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Direct observation of ionic structure at solid-liquid interfaces: a deep look into the Stern Layer

The distribution of ions and charge at solid-water interfaces plays an essential role in a wide range of processes in biology, geology and technology. While theoretical models of the solid-electrolyte interface date back to the early 20th century, a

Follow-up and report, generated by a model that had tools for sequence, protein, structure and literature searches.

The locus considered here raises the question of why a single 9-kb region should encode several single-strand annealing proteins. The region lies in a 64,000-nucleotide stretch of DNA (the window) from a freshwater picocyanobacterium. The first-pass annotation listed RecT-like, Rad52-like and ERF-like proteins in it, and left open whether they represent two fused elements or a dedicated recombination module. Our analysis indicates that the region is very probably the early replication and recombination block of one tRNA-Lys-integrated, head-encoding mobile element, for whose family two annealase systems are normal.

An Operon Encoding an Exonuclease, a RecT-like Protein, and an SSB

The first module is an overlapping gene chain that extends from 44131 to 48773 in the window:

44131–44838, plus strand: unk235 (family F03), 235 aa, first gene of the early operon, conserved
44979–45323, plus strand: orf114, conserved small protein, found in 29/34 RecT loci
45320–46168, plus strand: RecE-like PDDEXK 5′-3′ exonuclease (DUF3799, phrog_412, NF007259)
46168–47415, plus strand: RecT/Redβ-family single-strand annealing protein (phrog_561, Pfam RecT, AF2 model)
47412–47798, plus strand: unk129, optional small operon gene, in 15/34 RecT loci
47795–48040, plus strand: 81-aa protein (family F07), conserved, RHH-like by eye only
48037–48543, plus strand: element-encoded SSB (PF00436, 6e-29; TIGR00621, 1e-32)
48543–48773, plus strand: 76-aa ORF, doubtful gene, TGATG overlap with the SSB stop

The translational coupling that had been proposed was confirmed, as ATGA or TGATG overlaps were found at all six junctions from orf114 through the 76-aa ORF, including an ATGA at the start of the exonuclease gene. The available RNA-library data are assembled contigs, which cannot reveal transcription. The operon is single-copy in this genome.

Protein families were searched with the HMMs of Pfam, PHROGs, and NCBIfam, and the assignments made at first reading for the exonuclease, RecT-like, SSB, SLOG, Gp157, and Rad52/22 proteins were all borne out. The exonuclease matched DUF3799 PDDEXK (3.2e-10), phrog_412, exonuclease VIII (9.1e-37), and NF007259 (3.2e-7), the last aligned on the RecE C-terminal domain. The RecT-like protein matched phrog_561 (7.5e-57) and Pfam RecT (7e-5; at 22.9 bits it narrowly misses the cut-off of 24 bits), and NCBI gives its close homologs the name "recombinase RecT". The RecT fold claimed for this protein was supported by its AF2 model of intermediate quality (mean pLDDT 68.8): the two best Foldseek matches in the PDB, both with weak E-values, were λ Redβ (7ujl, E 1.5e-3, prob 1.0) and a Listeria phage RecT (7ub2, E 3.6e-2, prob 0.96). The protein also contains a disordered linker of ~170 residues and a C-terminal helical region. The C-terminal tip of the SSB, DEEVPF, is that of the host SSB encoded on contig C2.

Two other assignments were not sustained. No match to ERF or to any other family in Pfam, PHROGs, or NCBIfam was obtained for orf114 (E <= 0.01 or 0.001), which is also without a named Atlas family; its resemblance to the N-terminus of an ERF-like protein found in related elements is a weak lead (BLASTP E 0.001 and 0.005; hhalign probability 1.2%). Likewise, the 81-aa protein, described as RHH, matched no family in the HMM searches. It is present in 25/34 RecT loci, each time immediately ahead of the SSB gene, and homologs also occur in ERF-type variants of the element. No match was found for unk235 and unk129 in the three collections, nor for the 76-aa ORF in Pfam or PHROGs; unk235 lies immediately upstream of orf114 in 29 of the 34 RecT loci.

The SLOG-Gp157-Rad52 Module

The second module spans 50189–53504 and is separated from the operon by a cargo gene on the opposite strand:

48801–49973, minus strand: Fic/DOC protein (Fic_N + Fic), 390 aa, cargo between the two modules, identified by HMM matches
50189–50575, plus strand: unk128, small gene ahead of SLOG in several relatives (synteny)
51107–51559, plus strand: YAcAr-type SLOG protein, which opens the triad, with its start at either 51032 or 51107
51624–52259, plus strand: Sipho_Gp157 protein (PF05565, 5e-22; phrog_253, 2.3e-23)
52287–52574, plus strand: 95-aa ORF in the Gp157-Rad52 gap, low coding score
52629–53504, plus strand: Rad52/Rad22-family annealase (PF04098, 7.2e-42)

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  Direct observation of ionic structure atsolid-liquid interfaces: a deep look intothe Stern Layer Igor Siretanu 1 * , Daniel Ebeling 1 * , Martin P. Andersson 2 , S. L. Svane Stipp 2 , Albert Philipse 3 ,Martien Cohen Stuart  1 , Dirk van den Ende 1 & Frieder Mugele 1 1 Physics of Complex Fluids Group and MESA 1 Institute, Faculty of Science and Technology, University of Twente, PO Box 217,7500 AE Enschede, The Netherlands,  2 Nano-Science Center, Department of Chemistry, University of Copenhagen,Universitetsparken 5, 2100 Copenhagen, Denmark,  3 Van’t Hoff Laboratory for Physical and Colloid Chemistry, Debye Institute,Utrecht University, Padualaan 8, 3584 CH Utrecht, The Netherlands. The distribution of ions and charge at solid-water interfaces plays an essential role in a wide range of processesinbiology,geologyandtechnology.Whiletheoreticalmodelsofthesolid-electrolyteinterfacedateback to the early 20 th century, a detailed picture of the structure of the electric double layer has remainedelusive, largely because of experimental techniques have not allowed direct observation of the behaviour of ions, i.e. with subnanometer resolution. We have made use of recent advances in high-resolution AtomicForce Microscopy to reveal, with atomic level precision, the ordered adsorption of the mono- and divalentions that are common in natural environments to heterogeneous gibbsite/silica surfaces in contact withaqueous electrolytes. Complemented by density functional theory, our experiments produce a detailedpicture of the formation of surface phases by templated adsorption of cations, anions and water, stabilizedby hydrogen bonding. G ouy  1 , Chapman 2 and Stern 3 laid the foundation for our understanding of the electric double layer by describing the distribution of ions in the vicinity of charged interfaces using Poisson-Boltzmann theory.The classical approach has been refined in many respects, including a variety of sometimes competing microscopic effects, such as preferential binding to specific surface sites 4,5 , dispersive ion-substrate interactions 6 and ion correlation effects 7 . More recently, molecular simulations have contributed additional insight, e.g. aboutthe hydration of ions and surfaces. In comparison, common experimental methods such as batch titrations,electrokineticandsurfaceforcemeasurementsprovidelessdirectinformationontheatomicscale.Theyintegratelaterally over rather large and frequently very heterogeneous surface areas and rely on a large number of assumptionsandempiricalparameterstofittotheoreticalmodels.Also,alongthedirectionnormaltothesurface,these techniques average information and attribute it to several of the levels in the electric double layer, based onconceptual model assumptions. It is increasingly recognized 8,9 that quantitative understanding of mineral-fluidinterface behaviour is limited because experimental techniques have not been able to capture the complex structure of solid-liquid interfaces with resolution at nanometre scale, parallel and perpendicular to surfaces.Atomic Force Microscopy (AFM) has recently been advanced to a stage that allows for imaging solid-liquidinterfaces at ‘true’ atomic resolution 10–13 . We have used small amplitude dynamic AFM to explore the surfaces of synthetic nanoparticles of gibbsite ( a -Al(OH) 3 ) 14 during exposure to a variety of electrolyte solutions. We chosegibbsite because it can be synthesised reproducibly, to yield suspensions of essentially monodispersed particles.Moreover gibbsite is a good model for some clay mineral surfaces 15 . Sorption of inorganic and organic ions to Al(hydr)oxides, such as gibbsite, and to clay minerals is important for the transport of contaminants and nutrientsin the environment and kaolinite, a clay with one Al-OH surface has been reported to play a role in enhancing oilrecovery  16,17 . It has long been assumed that the doubly coordinated Al 2 OH groups on gibbsite basal planes areinactive to deprotonation/protonation reactions and that surface charge and ion sorption are dominated by thesingly coordinated aluminol at edges 18 . Recently however, experimental 8,19–21 and numerical studies 21,22 havesuggested that missing information about structure at the submicrometre scale and the ratio of edge to basalsurface area might have compromised data interpretation.With small amplitude dynamic AFM, we have collected the required high resolution insight needed foraddressing these questions, to directly ‘‘see’’ the structure of the ions adsorbed in the Stern layer and to observe OPEN SUBJECT AREAS: ATOMIC FORCEMICROSCOPYNANOPARTICLESSTRUCTURAL PROPERTIESSURFACES, INTERFACES ANDTHIN FILMS Received6 January 2014 Accepted22 April 2014Published22 May 2014 Correspondence andrequests for materialsshouldbeaddressedtoF.M. (f.mugele@utwente.nl) * These authorscontributed equally tothis work. SCIENTIFIC  REPORTS  | 4 : 4956 | DOI: 10.1038/srep04956  1  changes in the pattern on the gibbsite basal plane as the contacting solutionischanged.Wecharacterisedthesurfacesattwolevels.First,we used AFM spectroscopy at tip-sample distances of a few nano-metres during exposure to solutions with a range of concentrations.This provides data on effective surface charge, similar to thoseobtained by   f -potential measurements. Next, we recorded atomicscale images at much smaller distances, which gives a direct view of ion distribution within the Stern layer. Finally, using density functional theory, we could confirm the stability of the ordering observed by AFM and gain additional insight into the nature of the bonding and how charge in the Stern layer changes with solutioncomposition. Results The gibbsite particles were deposited from a water-ethanol solution(details in Methods Section) on silica wafers that had oxidised in airto produce amorphous SiO 2 . The nanoparticles naturally sorb withtheir {001} basal plane adjacent to the silica surface, exposing a Al-OH surface to the solution. Typically, gibbsite particles attachedsingly. Lateral dimensions ranged from several 10 to a few 100 nano-metres and heights, from 1 to 20 nm (Fig. 1a). All experiments wereperformed in slightly acidic (pH  ,  6) aqueous electrolyte and weused silicon AFM tips. Tip surfaces had oxidised to amorphous silicaso they had the same character as the silica substrate.We monitored the effective surface charge of the particles by mea-suring the interaction force between the tip and sample as a functionof distance, in frequency modulation force spectroscopy mode 23 (FM-AFM). Two dimensional interaction force maps 24 (colourcoded in Fig. 1b) confirm that on the silica substrate, force increasesfrom zero (green) to repulsive values (red) of several hundredpicoNewtons at a distance of several nanometers, as expected fortwo negatively charged surfaces in pure water. Over the gibbsiteparticles however, attractive force (blue) indicates positive charge.Compared with the silica substrate, there is more lateral variation inthe force on the gibbsite particles, indicating a larger degree of het-erogeneity. Force decreases toward the particle edges. Force profiles(Fig. 1b) also reveal the location of occasional crystal defects. Thelocal minimum in the attractive force near the center of this specificparticle is caused by a twin boundary. This is most easily seen in 2Dfrequency shift images (Fig. S1b) that show a direct, qualitative mea-surementoftheinteractionforces.Theminimumforceindicatesthatthe effective local surface charge essentially vanishes close to thecrystal defect. Typical tip radii of 20–30 nm in the spectroscopy experiments imply a lateral average of a few thousand surface unitcells.Atomically resolved amplitude modulation images of the basalplanes display the periodicity of the gibbsite lattice (Fig. 1c). Closeto particle edges, we typically observe a higher density of atomicsteps. Frequently, these steps are decorated by adsorbed material(Fig. 1c). Such defects are an important source of charge heterogen-eityongibbsitesurfaces.Figure2ashowslinerepresentationsofforcespectroscopy data for areas such as Figure 1b under several concen-trationsofNaClandCaCl 2 .Eachdatasetwasobtainedwiththesamecantilever and sample and care was taken to guarantee that tip shapedid not change when solutions were changed (see Supplementary Information). On silica, the force curves (red in Fig. 2a) from anumber of sites collapse into a single narrow band for each ionconcentration. The interaction curves for gibbsite are more widely spread, with rather weak forces along particle edges (green) andstrong attraction in the centre (blue). Our next discussion focusseson the forces in the centre.The qualitative trends in Figure 2a follow those expected fromstandard electrostatic screening, i.e. force decreases as salt concen-tration increases and the absolute force for divalent ions at the sameconcentration is lower than for monovalent ions. To determine sur-face charge, we compare the force curves to predictions from DLVO(Derjaguin-Landau-Verwey-Overbeek) theory  23 forelectrostatic and van der Waals forces (Supplementary Information). Consistent withexpectations, forces measured at small separations lie between thetwo limiting cases of constant charge and constant potential becauseof confinement induced charge regulation 25 . However, from theasymptotic regime at large separation, we can readily extract unique values for the effective surface charge,  s eff  , for both the tip andsample 24 . For the monovalent salts,  s eff   on silica increases withincreasing salt concentration, whereas for the divalent salts, itremains constant within experimental error (Fig. 2b). This trendfor monovalent salts agrees with the expected enhanced deprotona-tion of silanol groups on the silica surface: ; SiOH R SiO 2 1 H 1 aselectrostatic screening increases. Fitting the data with a basic Sternmodel (BSM) 25 yields pKa , 7.5 for silanol deprotonation, in goodagreement with literature data 25–29 (black line in Fig. 2b). This sup-ports the effectiveness of our measurement and data analysis pro-cedure. Weakly negative and essentially constant surface charge onthe amorphous silica surface in contact with Ca 2 1 and Mg  2 1 haspreviously been interpreted in terms of cation adsorption 27,30 .On gibbsite,  s eff   was positive under all investigated conditions. Insolutionsofmonovalentsalts,itincreasesmonotonicallyfrom , 0.03to , 0.1 e/nm 2 as salinity increases. The surface unit cell has an areaof   , 0.44 nm 2 so these absolute values imply that at most, a few percent of the unit cells carry a net charge. A more intriguing beha- viour is observed for the divalent cations. Initially,  s eff   increasesstrongly with increasing salinity, reaching a maximum at 5 to10 mM and then decreases to negligible values as concentrationreaches 100 mM. A slight but consistent specific ion effect wasobserved in three separate experiments. In CaCl 2  solutions, max-imum charge is higher and it occurs at somewhat lower concentra-tion than in MgCl 2 . While the constant increase in  s eff   formonovalent salts could be interpreted to result from protonation Figure 1  |  Atomic force microscopy (AFM) of gibbsite nanoparticles.  (a), Topography images of gibbsite on an oxidised silicon wafer. (b), color-coded2D force field generated from 100 tip-sample interaction curves in 20 mM NaCl at pH < 6. (blue: attractive force; red: repulsive force; green: zero force;see scale bar) (c), Amplitude modulation atomic resolution image of a gibbsite particle in ultrapure deionised water. Left part: pseudohexagonal basalplane structure (surface unit cell,  a  5 0.87 nm,  b  5 0.50 nm); centre: atomic step disorder on terrace edges; bottom right: edge of the particle.  www.nature.com/ scientificreports SCIENTIFIC  REPORTS  | 4 : 4956 | DOI: 10.1038/srep04956  2  facilitated by improved screening, as we see for silica 9,31,32 , the beha- viour of divalent cations is more complex. (Fitting the data for themonovalentsaltsintermsofasimplesurfacespeciationmodelinvol- ving protonation of doubly coordinated Al 2 OH groups at low pHyieldsapKavalueof  , 7andadensityofoneactivegrouppersurfaceunit cell, reasonably consistent with recent models of the gibbsitesurface). The increase and decrease suggests the presence of twoseparate processes. The first process, dominant at lower salt concen-trations, enhances the already positive effect of surface charge. Thesecond reduces itagain. Obviously, the first process cannot bedrivenby electrostatic forces, the second one might be.At this stage, it is tempting to invoke possible adsorption/desorptionreactions to explain Figure 2b. The rather low absolute value of   s eff   isconsistent with general understanding, that the Al-OH gibbsite basalplane is indeed chemically rather inactive 18–20 . However, atomic forcespectroscopy, just as electrokinetic measurements, probes the charge inthe diffuse part of the electric double layer. These techniques might betoo indirect to deliver a detailed picture of the complex chemicalprocesses that take place at the solid-liquid interface. To overcome thislimitation, we imaged the gibbsite surface at atomic resolution underseveral electrolytes (details in Methods). Figure 3a shows the typicalpseudohexagonal pattern of the gibbsite basal plane, imaged underdeionized water. The pattern is caused by the arrangement of theoctahedralcavities withnextneighbour spacingof  , 0.5 nm, consistentwith dimensions of thesurface unit cell with dimensions  a 5 0.868 nmand b 5 0.507 nm(Fig.3d),asobtainedbyx-raydiffraction.Exceptforan occasional contrast inversion (Fig. S3), which we attribute to loss of true atomic resolution 12 , symmetry, contrast and the resolution of thepattern remain unchanged when the water is replaced by solutions of KCl or NaCl. From the absence of changes in surface topography, weconclude that neither the monovalent cations nor Cl 2 adsorbs strongly tothegibbsitesurface.Ions couldbeweaklyadsorbedandpushedaway by the AFM tip, as has been discussed for mica in contact with elec-trolyte solutions 12,33–35 . Nonadsorption of monovalent ions is comple-tely consistent with protonation as an explanation for the increase ineffective surface charge, discussed above.Instarkcontrasttobehaviourinmonovalentsaltsolutions,gibbsiteappearance changes dramatically when the solution is replaced with10 mM CaCl 2  or MgCl 2  (Fig. 3b and Fig. S4b). The pseudohexagonalpattern gives way to an array of double rows aligned along the  b direction (Fig. 3b and e). Each double row consists of alternating bumps. The periodicity along and perpendicular to the double rowsis 0.50 nm and 0.87 nm (Fig. 3f), in excellent agreement with thesurface atomic structure. There are thus two bumps per surface unitcell, which we interpret to be (possibly hydrated) ions adsorbed fromsolution.As we increase the concentration of CaCl 2  to 100 mM, we observea second change in the appearance of the surface. The double rowsgive way to single rows spaced by one lattice vector along the  b direction and with one bump per surface unit cell along the  a  dir-ection (Fig. 3c). In between two adjacent rows, a second row of bumps is sometimes seen, typically at much fainter contrast. Thesame behaviour is observed when gibbsite is exposed to MgCl 2  solu-tions (Fig. S4c). At intermediate concentrations ( < 50 mM), we seecoexisting domains of double rows and of alternating bright-faintrows (Fig. 4). This suggests two distinct two dimensional adsorbedphases.At this stage, we can already conclude that the gibbsite basal planeis by no means chemically inactive. Rather than occasional reactionofafewpercentofthesurfaceunitcells,assuggestedbythelowvalueof   s eff   and generally assumed in the literature 5,18–20 , our images show thateveryunitcellacceptsatleasttwoadsorbedions,wherethebondisstrongenoughthatitisnotpushedawaybythetip.Theconcurrentappearance of the (positive) maximum in  s eff   and the double rows inthehighresolutionimagessuggeststhatbothphenomenaresultfromadsorption of the same type of ion. Because Cl 2 does not affect thesurface pattern, even at concentrations of 100 mM NaCl or KCl, weconclude that the double rows must be caused by divalent cationadsorption. The agreement of the measured periodicities of the dou-ble row structure with the surface unit cell dimensions suggestsbonding to well defined adsorption sites, rather than electrostaticcorrelation between ions 36 . To identify the adsorption sites, we can Figure 2  |  Electrical properties of amorphous SiO 2  and gibbsite measured with FM-AFM.  (a), Force vs distance curves measured over a gibbsitenanoparticle sorbed on oxidised silicon wafers in 1, 10 and 100 mM NaCl and CaCl 2  solutions. Red curves: tip on silica substrate. Green: edge of gibbsiteparticle. Blue: centre of gibbsite particle. Lines (solid: silica; dashed gibbsite): tip sample interaction force according to DLVO theory for constant charge(top) and constant potential (bottom) boundary conditions. Inset: SEM image of AFM tip after the experiment. (CFM Aspire tip, with parameters of silicon cantilever f  0 5 22.9 kHz, c z 5 5.0 N/m, Q 5 9). (b), Surface charge as function of solution composition (pH < 6). Symbols: experimental data.Solid black line: best fit assuming deprotonation of silanol groups in monovalent salt solutions (see text for details).  www.nature.com/ scientificreports SCIENTIFIC  REPORTS  | 4 : 4956 | DOI: 10.1038/srep04956  3  look more closely at the surface structure. The gibbsite surface unitcell has six chemically inequivalent Al 2 -OH moieties. Simulationssuggest that deprotonation of these sites covers a rather wide rangeof pK a 37 . Three of them are located around the central octahedralcavity and point toward the solution (small green dots in Fig. 3d).These OH groups are available for interlayer hydrogen bonding inthe bulk gibbsite structure 38 and for hydrogen bonding to adsorbatesat the surface 39–41 . Attachment at these sites would produce theobserved dimensions and zig zag pattern (Fig. 3d).Thesimultaneousdecreaseofsurfacechargeandchangeinpatternappearance at higher concentrations suggest adsorption of Cl 2 ions.While there is no evidence for Cl 2 adsorption on gibbsite, chlorideinteraction with adsorbed Ca 2 1 and Mg  2 1 could promote attach-ment. As concentrations increase, both Ca 2 1 and Mg  2 1 form ionpairs with Cl 2 so pairing on surfaces is consistent. Chloride adsorp-tionhasrecentlybeenreportedinmoleculardynamicssimulationsof smectite-electrolyte interfaces 42 .The adsorption of two divalent cations per unit cell without any compensationofchargethroughsurfacedeprotonationorcoadsorp-tion of anions corresponds to a hypothetical surface charge of 9.2e/nm 2 . This isinconsistent with the low values of   s eff   (Fig. 2b), whichcorrespond to less than one elementary charge per unit cell.Substantial deviations between surface charge determined by mac-roscopic methods such as titration and values obtained from thediffuse layer, for example by electrokinetic or force measurements,are not uncommon 43 . They are generally attributed to uncertainties Figure 3  |  Atomic resolution AFM images of gibbsite.  (a), AFM topographic image of gibbsite basal plane in ultrapure deionised water. Insets: zoomedandFourier-filtered viewwithsuperimposed crystallographiclattice(top);2Dfast Fouriertransform ofimage.(b),sametypeofdatarecordedin10 mMand(c),100 mMCaCl 2 solution.(d),Crystalstructureofgibbsitein ac  and ab  planes.Hatomspointingperpendiculartothe ab  planeareshowningreen.(e), A zoom view of b with schematic indication of position of adsorbates and location of the height profiles in  a   (red) and  b   (blue) directionsshown in f. Height profiles in  a   (red) and  b   (blue) directions display periodicities of 0.87 nm and 0.50 nm, respectively. Figure 4  |  Gibbsite imaged in 50 mM MgCl 2  showing phase-separateddomains with double row structure (bottom right) and single row structure (topleft)characteristic oflowand highsalt concentrations. Theareato the rightof thewhite dashedline hasequivalent height doublerowsin a zig zag pattern with the same periodicity as Figure 3e and all imagesobtained under 10 mM CaCl 2  or MgCl 2  solutions. Left of the dashed line,therowsalternateinheight,asobservedforallofthesurfacesimagedundersolutions of 100 mM CaCl 2  or MgCl 2 .  www.nature.com/ scientificreports SCIENTIFIC  REPORTS  | 4 : 4956 | DOI: 10.1038/srep04956  4  in the exact location of the shear plane in electrokinetic measure-ments and the mobility of weakly adsorbed ions. The mismatch incharge density could originate from surface deprotonation oradsorbed anions, that contribute to the effective surface charge inspectroscopyexperimentsbutthataretoomobiletoremainlocalizedunder high-resolution imaging.For a more detailed analysis of bonding tendencies and to helpexplain the surface charge behaviour, we used density functionaltheory (DFT) to examine the adsorption of Ca 2 1 , Mg  2 1 and Cl 2 ontothe Al-OH basal plane of gibbsite. We use the COSMO-RS implicitsolvent model with periodic boundary conditions to calculate theequilibrium structure of the adsorbed divalent cations for both outerand inner sphere configurations, i.e. with or without water of hydra-tion between the ion and the surface (details in Methods andSupplementary Information). In both cases, stable zig-zag doublerows were found. However, only formation of an outer sphere con-figuration, containing enough hydration water to retain the averagebulk ion-water coordination number of six, was exothermic. Theformation energies for the divalent ion structures were  2 118 kJ/mol/Ca(OH) 2  and  2 115 kJ/mol/Mg(OH) 2  (Table S1), Figures 5aand S5 show the equilibrium, outer shell configurations that excel-lently reproduce the experimentally observed double row structure,with alternating adsorption sites. Three of four hydroxyl groups,added to guarantee charge neutrality, act as hydrogen bonding acceptors for surface protons. The fourth OH 2 bridges between thetwo cations. It is interesting that the fourth hydroxyl causes a slightasymmetryinthezig-zag,which iscompatiblewith theexperimentaldata (Supplementary Information, Fig. S6a, where structure fromFig. 5a is superimposed on the AFM image).Although the surface unit cell is charge neutral, our model offersan interesting explanation of the slight positive surface charge atintermediatesalinities.Thealternatingstructureofhydrateddivalentcations offers several sites where hydration water and OH 2 bridgebetween two cations. Water adsorbed on similar sites on calcitesurfaces is significantly more acidic than bulk water, with pK a  aslow as 3 to 4 44 . Additional COMSO-RS DFT calculations for clustersof about 200 atoms, beginning with the converged solution of theperiodic calculation, allowed us to calculate pK a  of 10.2 and 4.9 forH 2 O R OH 2 deprotonation for the adsorbed Ca 2 1 and Mg  2 1 struc-ture.Thesevaluessuggestthatthepositivechargeinthespectroscopy measurements results from partial protonation of hydroxyl thatbridges adjacent cationsfrom solution. ThepK a  forMg  2 1 adsorptionis lower than for Ca 2 1 , implying that OH 2 , and hence the electro-neutral configuration, is somewhat more stable for Mg  2 1 , in agree-ment with the experiments, which show that the maximum chargefor the Mg  2 1 structure is always lower than for the Ca structure,Figure 2b and Figure S2.Finally, we calculated the equilibrium configurations of theadsorbed cations where one Cl 2 ion per unit cell replaced thebridging hydroxyl ion. Chloride also bridges adjacent cations,slightly shifted towards the pseudo threefold cavity (Fig. 5b). The vertical position is 210 pm above the plane, averaged over the metalcations (cf. Fig. S6b). This ion exchange disables OH 2 protonationandresultsinaneutralsurfacestructure,whichexplainsthedecreasein  s eff   at high salinity. The OH 2  vs. Cl 2 exchange energies are 1 39 kJ/mol and  1 47 kJ/mol for the Ca 2 1 and Mg  2 1 structures(Table S2). For pH  5  6, this implies characteristic concentrationsof 30 mM for CaCl 2  and 900 mM for MgCl 2  to induce the exchangereaction. These values are in very good agreement with the experi-mentaldataandevenexplaintheslightshiftofmaximum s eff  towardhigher Mg  2 1 concentrations, compared with Ca 2 1 , in Figure 2b.In conclusion, the combination of AFM spectroscopy, high reso-lution imaging and numerical simulations provides unprecedentedinsight into the complex processes involved in the formation of theelectric double layer on mineral surfaces. By resolving the internalstructure of the Stern layer we demonstrate a strong affinity fordivalent cations of a type of surface that has long been assumed tobe chemically inactive. For the specific case of gibbsite, the resulting changes in surface chemistry have important consequences for therole of Al-OH bearing mineral surfaces in modern technologies forenhanced oil recovery. Methods Sample preparation . Gibbsite synthesis is described in detail by Wierenga et al. 14 Wediluted the gibbsite stock suspension 100 times in a 1 5 1 mixture of ultrapure Figure 5  |  Equilibrium structure of adsorbed Ca  2 1 (blue) and Cl 2 (yellow) on the gibbsite basal plane in contact with aqueous solution predicted by DFT calculations.  Red and white: oxygen and hydrogen; gray: Al-O octahedral. (a), Side and top view of the optimized geometry for outer shelladsorption of Ca 2 1 (blue) on gibbsite. A 2 3 2 supercell of our simulation cell is shown for clarity. (b), At higher concentrations of CaCl 2 . Adsorptionplane of Cl 2 is 0.22 nm above Ca 2 1 .  www.nature.com/ scientificreports SCIENTIFIC  REPORTS  | 4 : 4956 | DOI: 10.1038/srep04956  5